The Terrible Simplifiers

I have been trying to figure out if I am guilty of sentimentalizing the “good old days,” or if the explosion of talk shows on radio and cable television has brought about a dramatic change in the way current events are discussed in this country.

If I had to choose, I would pick latter. It seems to me clear that political debate is carried out nowadays by what the 19th-century Swiss historian Jacob Burkhardt called “terrible simplifiers.” (That was the term Burkhardt used to describe utopian social engineers who were convinced that they had discovered the key to transform society dramatically for the better, if only they could take control of the reins of power.)

Who are the modern “terrible simplifiers” I have in mind? They can be found on both the Left and the Right. Let’s look at the Right first. I am a fan of both Rush Limbaugh and Sean Hannity. They perform a valuable service. People who listen to Hannity and Limbaugh are provided with a “shop talk” that enables them to argue around the water cooler against the left-wing biases that dominate the mainstream media and in our schools.

Still, it has to be said: Their rhetoric is often full of caricatures and clichés — terrible simplifications — about what motivates the American Left. It can be argued that putting those ideas in circulation is the best way to help the Republicans win elections. But there is more to the culture wars than Republican victories at the ballot box. Voters motivated by simplistic slogans, especially younger voters, will be unlikely to stick to their principles when a left-wing professor or friend points out to them that reality does not correspond to their bumper-sticker view of the world. Hillary Clinton was once a Goldwater Republican.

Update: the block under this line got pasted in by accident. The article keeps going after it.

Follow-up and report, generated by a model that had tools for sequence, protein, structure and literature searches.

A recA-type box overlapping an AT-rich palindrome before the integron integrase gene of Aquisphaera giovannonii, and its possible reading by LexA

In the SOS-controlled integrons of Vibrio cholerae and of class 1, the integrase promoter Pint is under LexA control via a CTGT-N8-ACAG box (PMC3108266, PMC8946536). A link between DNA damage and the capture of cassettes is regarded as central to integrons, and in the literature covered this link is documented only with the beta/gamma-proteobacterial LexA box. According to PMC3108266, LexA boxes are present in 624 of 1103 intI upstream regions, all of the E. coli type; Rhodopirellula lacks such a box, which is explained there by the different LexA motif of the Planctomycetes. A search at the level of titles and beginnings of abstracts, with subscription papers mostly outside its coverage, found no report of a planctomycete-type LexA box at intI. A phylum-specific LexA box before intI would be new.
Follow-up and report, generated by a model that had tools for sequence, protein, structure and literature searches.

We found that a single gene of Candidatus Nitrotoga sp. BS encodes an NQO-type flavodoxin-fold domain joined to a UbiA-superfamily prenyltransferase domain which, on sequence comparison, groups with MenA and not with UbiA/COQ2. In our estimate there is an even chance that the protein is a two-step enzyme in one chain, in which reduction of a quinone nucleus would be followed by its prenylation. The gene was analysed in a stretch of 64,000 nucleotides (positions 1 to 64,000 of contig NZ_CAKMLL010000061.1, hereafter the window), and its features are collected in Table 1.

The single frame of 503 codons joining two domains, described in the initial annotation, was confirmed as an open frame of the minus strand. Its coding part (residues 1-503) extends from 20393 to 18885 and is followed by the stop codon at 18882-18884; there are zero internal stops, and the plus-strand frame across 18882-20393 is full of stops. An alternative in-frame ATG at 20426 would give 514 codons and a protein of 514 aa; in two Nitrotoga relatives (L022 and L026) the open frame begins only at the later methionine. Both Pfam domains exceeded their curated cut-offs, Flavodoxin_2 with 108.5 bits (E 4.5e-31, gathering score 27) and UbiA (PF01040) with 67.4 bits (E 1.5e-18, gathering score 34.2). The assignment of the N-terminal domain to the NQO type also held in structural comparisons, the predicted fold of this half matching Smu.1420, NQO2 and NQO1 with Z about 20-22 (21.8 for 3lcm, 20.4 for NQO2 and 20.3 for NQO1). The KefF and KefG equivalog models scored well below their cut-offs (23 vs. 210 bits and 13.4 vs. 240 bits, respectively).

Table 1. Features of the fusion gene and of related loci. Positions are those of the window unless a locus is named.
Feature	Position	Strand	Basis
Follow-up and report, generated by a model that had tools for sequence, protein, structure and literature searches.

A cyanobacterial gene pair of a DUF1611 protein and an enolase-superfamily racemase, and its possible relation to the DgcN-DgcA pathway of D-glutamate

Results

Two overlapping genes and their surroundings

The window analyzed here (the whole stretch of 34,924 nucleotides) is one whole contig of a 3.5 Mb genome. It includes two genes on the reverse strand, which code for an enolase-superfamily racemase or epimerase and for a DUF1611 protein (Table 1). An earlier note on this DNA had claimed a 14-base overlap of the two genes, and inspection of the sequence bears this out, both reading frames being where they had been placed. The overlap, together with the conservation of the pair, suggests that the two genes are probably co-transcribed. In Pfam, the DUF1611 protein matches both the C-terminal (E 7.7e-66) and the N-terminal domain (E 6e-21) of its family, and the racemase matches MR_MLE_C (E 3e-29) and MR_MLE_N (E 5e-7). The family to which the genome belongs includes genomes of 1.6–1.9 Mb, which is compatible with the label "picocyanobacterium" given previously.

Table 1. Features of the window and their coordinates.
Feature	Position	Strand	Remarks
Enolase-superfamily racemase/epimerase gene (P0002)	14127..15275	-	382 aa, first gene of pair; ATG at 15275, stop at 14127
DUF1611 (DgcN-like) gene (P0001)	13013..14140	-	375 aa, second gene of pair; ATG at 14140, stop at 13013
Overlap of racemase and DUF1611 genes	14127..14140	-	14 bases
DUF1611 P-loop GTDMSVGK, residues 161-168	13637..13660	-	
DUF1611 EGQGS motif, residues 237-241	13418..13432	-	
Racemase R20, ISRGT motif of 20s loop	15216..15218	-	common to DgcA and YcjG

What kinds of clichés do I have in mind? Limbaugh’s perennial mantra about how “liberal Democrats want to keep poor people poor so that they will be dependent on government programs” is a good example. Limbaugh knows that is not true. No doubt, there are Democratic Party operatives who discuss in back rooms the things that must be done at election time to mobilize the recipients of government wealth redistribution programs. But that is a far cry from wanting to “keep them poor.” Come on: Liberal Democrats don’t think that way; they do not conspire to make sure the poor never get off welfare. There is a lot to criticize about people like Ted Kennedy and Hillary Clinton, but that is not what they are all about.

There is a fair charge in this regard to make against liberal Democrats: that they are the party of government, with an excessive and ill-founded confidence in government programs to lift people out of poverty. One can argue intelligently that the record of government programs from the New Deal through the Great Society programs of Lyndon Johnson is a failure; that the poor would be far better off today if a low-tax, pro-growth environment had been promoted by the federal government, instead of all the wealth redistribution programs favored by big-government Democrats. That charge can be defended in an intelligent debate; that liberals want to keep the poor poor cannot.

Are the left-wing terrible simplifiers any better? I think they are worse, but that may be my political bias showing. We can use Newsweek columnist Anna Quindlen to make the point. Quindlen, a Catholic fond of linking the Church’s social teachings to the Democrat’s wealth redistribution programs, would have us believe she is a serious thinker, a straight-shooter and not just some tub-thumper for the Democratic Party.